7 TV show comebacks that actually worked

Ian Sandwell
Photo credit: Netflix/Showtime / BBC

From Digital Spy

When it feels like all of your childhood favourites are being rinsed for reboots that are rarely as good as the originals, it's always a pleasant surprise when a comeback turns out to actually be good.

Often it's down to the original cast and crew all being involved, and their having a decent enough reason to return – such as a compelling idea, or even a notable anniversary – but even then, comebacks are greeted with an air of trepidation and sometimes for good reason.

But we've decided to be positive and highlight the TV show comebacks that worked. (We've focused on narrative continuations of the original shows, so no reboots allowed.)

1. The League of Gentlemen

Comedies are an especially tricky beast to revive given how quickly standards of what is acceptable are always evolving. It was a big challenge facing the politically incorrect The League of Gentlemen when it came back for its 20th anniversary specials, as well as not feeling dated for its sketch format.

Largely it succeeded as it followed familiar ground, but in surprising and often poignant ways. It was a comeback well aware that over a decade had passed, giving fans what they wanted, but acknowledging that some of its original humour wouldn't work nowadays. It wasn't perfect and arguably could have been a stronger two episodes than three, yet it was better than most fans had dreamt of.

2. Futurama

Matt Groening's other animation Futurama actually had two comebacks (technically) as its four direct-to-video movies proved so successful that it got two further seasons of 26 episodes each.

The consistency never quite hit the heights of the show's original four-season run, but without seasons six and seven, we wouldn't have the brilliance of 'The Late Philip J Fry', 'Game of Tones' or the utterly gorgeous season finale 'Meanwhile'. No Futurama fan would be able to hear the words "go around again" without bursting into tears.

3. Only Fools and Horses

While Only Fools and Horses wasn't officially finished, it was still five years after its seventh series and three years after its last special ('Fatal Extraction') that its sublime Christmas trilogy was aired in 1996, consisting of 'Heroes and Villains', 'Modern Men' and 'Time on Our Hands'.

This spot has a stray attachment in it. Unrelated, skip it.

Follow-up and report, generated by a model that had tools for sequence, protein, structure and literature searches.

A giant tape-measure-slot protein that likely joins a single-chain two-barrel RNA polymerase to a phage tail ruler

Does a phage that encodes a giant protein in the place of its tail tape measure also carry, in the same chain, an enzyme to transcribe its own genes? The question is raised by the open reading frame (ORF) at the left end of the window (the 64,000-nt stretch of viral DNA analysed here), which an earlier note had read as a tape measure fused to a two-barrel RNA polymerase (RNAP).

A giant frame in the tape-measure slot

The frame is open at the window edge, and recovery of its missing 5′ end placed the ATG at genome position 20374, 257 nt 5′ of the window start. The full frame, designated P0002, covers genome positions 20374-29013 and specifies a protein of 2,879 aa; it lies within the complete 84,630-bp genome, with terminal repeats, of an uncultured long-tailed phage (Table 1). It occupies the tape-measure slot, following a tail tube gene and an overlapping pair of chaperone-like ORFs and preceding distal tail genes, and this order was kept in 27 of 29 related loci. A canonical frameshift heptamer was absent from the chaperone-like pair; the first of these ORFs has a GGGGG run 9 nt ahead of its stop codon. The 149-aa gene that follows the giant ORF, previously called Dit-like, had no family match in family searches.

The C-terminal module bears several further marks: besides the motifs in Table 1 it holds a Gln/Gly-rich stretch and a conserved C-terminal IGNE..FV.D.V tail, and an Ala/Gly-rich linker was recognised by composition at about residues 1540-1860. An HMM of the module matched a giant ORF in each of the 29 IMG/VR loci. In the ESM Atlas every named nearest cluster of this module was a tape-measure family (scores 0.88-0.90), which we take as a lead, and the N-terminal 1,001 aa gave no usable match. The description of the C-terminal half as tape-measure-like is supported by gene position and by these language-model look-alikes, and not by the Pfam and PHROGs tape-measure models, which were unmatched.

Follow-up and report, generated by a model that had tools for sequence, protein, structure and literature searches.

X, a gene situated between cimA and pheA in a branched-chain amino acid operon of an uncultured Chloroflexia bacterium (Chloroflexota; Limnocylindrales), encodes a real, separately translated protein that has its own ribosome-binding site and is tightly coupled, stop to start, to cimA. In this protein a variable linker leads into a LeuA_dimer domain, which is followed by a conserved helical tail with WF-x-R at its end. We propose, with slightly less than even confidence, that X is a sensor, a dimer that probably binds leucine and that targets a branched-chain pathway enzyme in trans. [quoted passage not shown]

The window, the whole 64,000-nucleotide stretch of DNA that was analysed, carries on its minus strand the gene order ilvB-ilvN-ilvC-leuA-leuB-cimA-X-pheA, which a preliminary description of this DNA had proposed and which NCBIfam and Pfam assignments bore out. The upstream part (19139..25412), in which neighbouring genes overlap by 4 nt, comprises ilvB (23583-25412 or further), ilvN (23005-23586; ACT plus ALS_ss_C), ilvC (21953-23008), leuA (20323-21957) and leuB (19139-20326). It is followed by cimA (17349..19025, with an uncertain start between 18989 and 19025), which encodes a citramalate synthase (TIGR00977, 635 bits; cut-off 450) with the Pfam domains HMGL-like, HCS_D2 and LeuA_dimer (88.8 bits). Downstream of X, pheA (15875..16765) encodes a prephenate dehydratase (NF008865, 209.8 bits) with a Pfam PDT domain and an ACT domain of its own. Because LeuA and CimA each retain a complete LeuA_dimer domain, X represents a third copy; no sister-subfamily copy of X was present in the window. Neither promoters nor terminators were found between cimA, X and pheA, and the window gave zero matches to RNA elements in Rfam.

Attracting huge audiences of over 20 million per episode, they showcased the best of the classic British sitcom, delivering some of the most iconic TV moments ever and ending on a perfect note as the Trotters earned a fortune of £6.2 million from an ancient watch. The three Christmas specials from 2001-2003 ruined that brilliant ending, so we choose to ignore them.

4. Twin Peaks: The Return

Arriving 25 years after Twin Peaks: Fire Walk With Me, it's possible that even the most ardent Twin Peaks fan would have given up hope that they'd ever see Agent Dale Cooper again, or have any of the mysteries of the original series solved.

But David Lynch did come up with the goods and it was everything fans had hoped for, while also potentially attracting new fans into its weird world. Baffling, compelling, violent and sprawling, it was defiantly Twin Peaks and we couldn't be happier. It's definitely a TV series though, NOT a movie.

5. Gilmore Girls

Almost a decade after we left Stars Hollow, Gilmore Girls made its triumphant return in four 90-minute episodes that were enough for fans to forget completely about that dodgy final season without creator and writer Amy Sherman-Palladino.

It was a comeback to satisfy every fan with pretty much every character making an appearance and the fast-paced dialogue as fresh and slick as ever. It was like Lorelai and Rory had never been away and with rumours of another season not going away, we might be welcoming them back yet again.

6. Doctor Who

OK, so we've bent our own rules slightly here as the original cast didn't come back, but in the case of Doctor Who, the show has always been reinventing itself since it started back in 1963 and its 2005 comeback (after 16 years away) with Christopher Eccleston as the Doctor was a continuation of the show, and not a reboot.

And since it's still going strong over a decade later, you can't call its comeback anything other than a success. Retaining original fans of the show while opening it up to a whole new audience, it shows no sign of stopping anytime soon, especially as we've just welcomed our very first female Doctor. Exterminate? Not bloody likely.

7. Will & Grace

A 10-minute presidential election special was just the start of Will & Grace's successful return to the screen. Its ninth season aired in 2017, 11 years after its final episode, and has proved a winning return, largely due to the fact that its cast remain as good as they've ever been.

Like The League of Gentlemen, it's also a comeback that acknowledges the time that has passed, while retaining the spirit that made it such a beloved show in the first place. NBC were so impressed that a tenth season is already in the works. It's a hit, honey.

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